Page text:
The history of Portobello Road Market.

The history of Portobello Road Market – from Country Lane to World Class


The very nature of the 21st century causes many people to hanker after the good old days of yesteryear. They love the solidness and craftsmanship of old items and the nostalgia connected to them. They sift through the odds and ends at an antique market and pick up gems from the past.


Today the antique market is experiencing a boom, and Portobello Road Market is prepared for it. Found in Notting Hill, London, they’re the world’s largest antique market with a history that goes back more than 300 years. Today the market has more than 1 000 traders.


When you browse through the stalls of this splendid market, you realise how rewarding it can be – a colourful market presenting top quality items from different countries – offering something for everyone.


High-quality Antiques on Offer

Apart from there being plenty of stylish lodgings in the area, many people opt to stay at the newly refurbished 5-star Royal Lancaster London Hotel, loving the idea that the hotel has a long-standing history, two restaurants and beauty treatments on site. One of the restaurants Nipa Thai is one of few with the distinguished Thai Select award from the Thai Government.

The hotel is conveniently located near the likes of Hyde Park and of course, Portobello Road Market which offers trendy pubs and restaurants apart from all those exciting bargains. With the market stretching 2 miles along, the atmosphere and attractions seem to be never-ending.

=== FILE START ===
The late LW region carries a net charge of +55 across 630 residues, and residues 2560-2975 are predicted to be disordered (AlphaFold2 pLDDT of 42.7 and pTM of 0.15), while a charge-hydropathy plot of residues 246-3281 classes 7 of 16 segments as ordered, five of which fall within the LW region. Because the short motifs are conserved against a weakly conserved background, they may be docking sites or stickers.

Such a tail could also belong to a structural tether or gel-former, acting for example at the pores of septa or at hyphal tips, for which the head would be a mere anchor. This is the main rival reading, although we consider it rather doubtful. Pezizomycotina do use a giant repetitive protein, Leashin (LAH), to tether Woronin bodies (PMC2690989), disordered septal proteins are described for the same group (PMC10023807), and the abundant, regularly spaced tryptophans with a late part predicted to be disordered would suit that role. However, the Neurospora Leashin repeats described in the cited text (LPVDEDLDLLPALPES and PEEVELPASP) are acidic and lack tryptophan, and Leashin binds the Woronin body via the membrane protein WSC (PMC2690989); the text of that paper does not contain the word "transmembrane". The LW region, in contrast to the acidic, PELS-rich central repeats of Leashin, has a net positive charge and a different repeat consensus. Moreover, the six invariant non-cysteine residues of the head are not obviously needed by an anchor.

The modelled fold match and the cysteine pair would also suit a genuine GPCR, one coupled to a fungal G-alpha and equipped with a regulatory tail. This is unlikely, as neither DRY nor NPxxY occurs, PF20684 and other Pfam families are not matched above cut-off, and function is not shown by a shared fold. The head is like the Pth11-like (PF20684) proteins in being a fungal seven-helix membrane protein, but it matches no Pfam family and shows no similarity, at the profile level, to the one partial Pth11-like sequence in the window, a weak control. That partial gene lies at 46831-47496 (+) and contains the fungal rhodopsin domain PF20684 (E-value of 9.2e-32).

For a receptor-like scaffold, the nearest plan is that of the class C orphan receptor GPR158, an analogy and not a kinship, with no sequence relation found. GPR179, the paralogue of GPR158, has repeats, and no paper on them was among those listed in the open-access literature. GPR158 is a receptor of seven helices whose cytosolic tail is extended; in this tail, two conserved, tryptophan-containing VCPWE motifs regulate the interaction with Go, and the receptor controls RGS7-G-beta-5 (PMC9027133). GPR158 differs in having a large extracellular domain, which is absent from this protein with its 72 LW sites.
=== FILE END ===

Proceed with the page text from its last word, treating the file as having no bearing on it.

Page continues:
The Metamorphosis Starts

Who can believe that this buzzing market once was a country path known as Green Lane. There was a farm too, known as Porto Bello, with the market getting its name from this farm. The farm got its name after the town of Porto Bello which the British captured in 1739 from the Spanish.


The farm area remained pretty much unchanged for decades really, and then slowly residential development began to change the landscape. Wealthy people began moving in and beautiful homes started emerging along with ordinary terrace homes being built for the working class. It was the northern end of the road that was the last to see development, with the opening of the Notting Hill Station.


A Mixed Bag is Offered


At first Portobello Road Market mainly sold food, but in the 1940s other traders moved in, among which were antique traders. Antiques are essentially what Portobello Road Market is all about, and Saturday is the top trading day. Today, while it is still known for its amazing antiques, other traders have come in selling a wonderful mix of fascinating clothes, scarves, shoes and other things too – ensuring the market’s vibrancy lives on.


Thanks to the film Notting Hill, this famous market is a tourist destination too, with Portobello Road attracting visitors from all over the UK and the world, and you want to be counted in next time you visit London.

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